That's because it is basically an Antara.

I don't think Saturn is necessarily going to be GM's 'green' brand either. There are hybrid versions of other GM cars too such as the new Chevrolet Malibu for instance. Saturn seems to have more than most though. I think Saturn is basically now GM's US brand for cars with European (read Opel)-inspired design and driving dynamics. Saturn's 'Green Line' range could be considered a green brand, like VW's Bluemotion, but not the Saturn range as a whole. They have 'Red Line' performance models too don't forget.

"its much more fuel efficient (and much better) European cars."

Are GM's European cars now necessarily better? Looking at the new Chevrolet Malibu, Cadillac CTS, the GMT900 SUVs and the Saturn Aura I'd suggest not.

"if we're going to crack climate change"

Nothing GM or any of the other car makers can do will ever make a difference to climate change as far as I can see.

David Wilkins said...

Thanks for your observations saturn simon! I think what Americans call compact is probably still clumpy by European standards!

Actually, I have to say I quite liked the Captiiva when I tried it last year, and I've got the Antaraa turning up next week, so I'll be interested to see how they compare.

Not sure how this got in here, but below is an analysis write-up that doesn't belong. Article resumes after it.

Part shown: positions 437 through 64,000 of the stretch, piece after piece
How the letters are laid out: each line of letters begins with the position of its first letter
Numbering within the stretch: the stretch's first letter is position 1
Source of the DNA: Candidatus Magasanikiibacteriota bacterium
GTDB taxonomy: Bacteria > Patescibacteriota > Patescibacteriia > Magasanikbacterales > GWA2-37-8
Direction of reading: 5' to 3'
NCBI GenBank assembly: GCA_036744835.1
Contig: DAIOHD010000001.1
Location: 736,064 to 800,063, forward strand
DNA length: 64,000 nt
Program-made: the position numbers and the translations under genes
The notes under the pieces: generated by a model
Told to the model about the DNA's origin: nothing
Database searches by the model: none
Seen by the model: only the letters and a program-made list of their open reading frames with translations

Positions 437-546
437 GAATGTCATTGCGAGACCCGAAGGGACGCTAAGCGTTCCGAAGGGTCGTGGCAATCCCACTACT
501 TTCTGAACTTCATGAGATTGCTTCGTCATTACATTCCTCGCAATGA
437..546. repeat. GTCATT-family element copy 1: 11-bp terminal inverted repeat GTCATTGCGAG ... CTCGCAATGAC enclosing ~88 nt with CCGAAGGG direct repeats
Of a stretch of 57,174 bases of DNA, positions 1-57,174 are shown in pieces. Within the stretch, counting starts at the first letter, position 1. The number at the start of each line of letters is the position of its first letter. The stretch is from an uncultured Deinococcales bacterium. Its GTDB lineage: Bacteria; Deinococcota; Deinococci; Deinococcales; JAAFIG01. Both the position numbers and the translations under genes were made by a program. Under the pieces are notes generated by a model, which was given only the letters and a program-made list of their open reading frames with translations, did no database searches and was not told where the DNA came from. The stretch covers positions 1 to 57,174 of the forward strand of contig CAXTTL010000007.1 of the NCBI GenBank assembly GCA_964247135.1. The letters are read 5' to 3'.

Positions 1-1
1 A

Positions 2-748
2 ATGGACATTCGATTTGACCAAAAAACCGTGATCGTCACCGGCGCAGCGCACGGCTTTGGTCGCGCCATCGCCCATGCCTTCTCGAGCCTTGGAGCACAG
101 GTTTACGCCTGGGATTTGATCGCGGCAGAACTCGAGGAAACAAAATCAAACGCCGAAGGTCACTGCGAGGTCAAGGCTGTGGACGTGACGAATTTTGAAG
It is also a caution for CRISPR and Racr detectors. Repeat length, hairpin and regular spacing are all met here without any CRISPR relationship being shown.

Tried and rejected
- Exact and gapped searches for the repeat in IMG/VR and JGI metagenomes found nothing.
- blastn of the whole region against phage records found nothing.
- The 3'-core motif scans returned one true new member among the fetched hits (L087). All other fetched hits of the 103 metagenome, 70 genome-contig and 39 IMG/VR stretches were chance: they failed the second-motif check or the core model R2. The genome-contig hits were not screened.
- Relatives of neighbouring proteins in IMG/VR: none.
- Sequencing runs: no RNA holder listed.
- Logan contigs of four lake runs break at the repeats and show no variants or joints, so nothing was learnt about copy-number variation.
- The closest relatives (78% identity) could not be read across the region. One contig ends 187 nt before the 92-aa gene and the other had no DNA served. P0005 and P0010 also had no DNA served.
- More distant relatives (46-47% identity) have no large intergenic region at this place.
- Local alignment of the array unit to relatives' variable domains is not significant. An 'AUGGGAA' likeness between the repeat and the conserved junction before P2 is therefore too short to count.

I'm not familiar in detail with all of the US models you mention, but I am quite a fan of Cadillac's current cars - in particular the sharp-edged styling. Over the last couple of years, I've made a point of covering both the BLS and the CTS in the Independent, even though they are not big sellers in the UK - I'll be trying to get a booking for the new CTS for the Verdict in the next couple of weeks (there's a bit of a delay as Caddy's UK operations, including the press fleet, are being transferred from an independent importer to Vauxhall/GMUK). Should be an interesting one.

I hope GM wil persist with Caddilacs in the UK - I suppose they will never be more than a niche product, but on the other hand they probably deserve to do a lot better than they have done so far.

In fairness to GM on the subject of greenery, they are pretty good on bioethanol - assummiing that's a good thing, which not everybody does, of course.

Anonymous said...

Being from the US, and an avid Saturn follower (and former Saturn retailer employee), I figured I'd pop in to say a few things as well.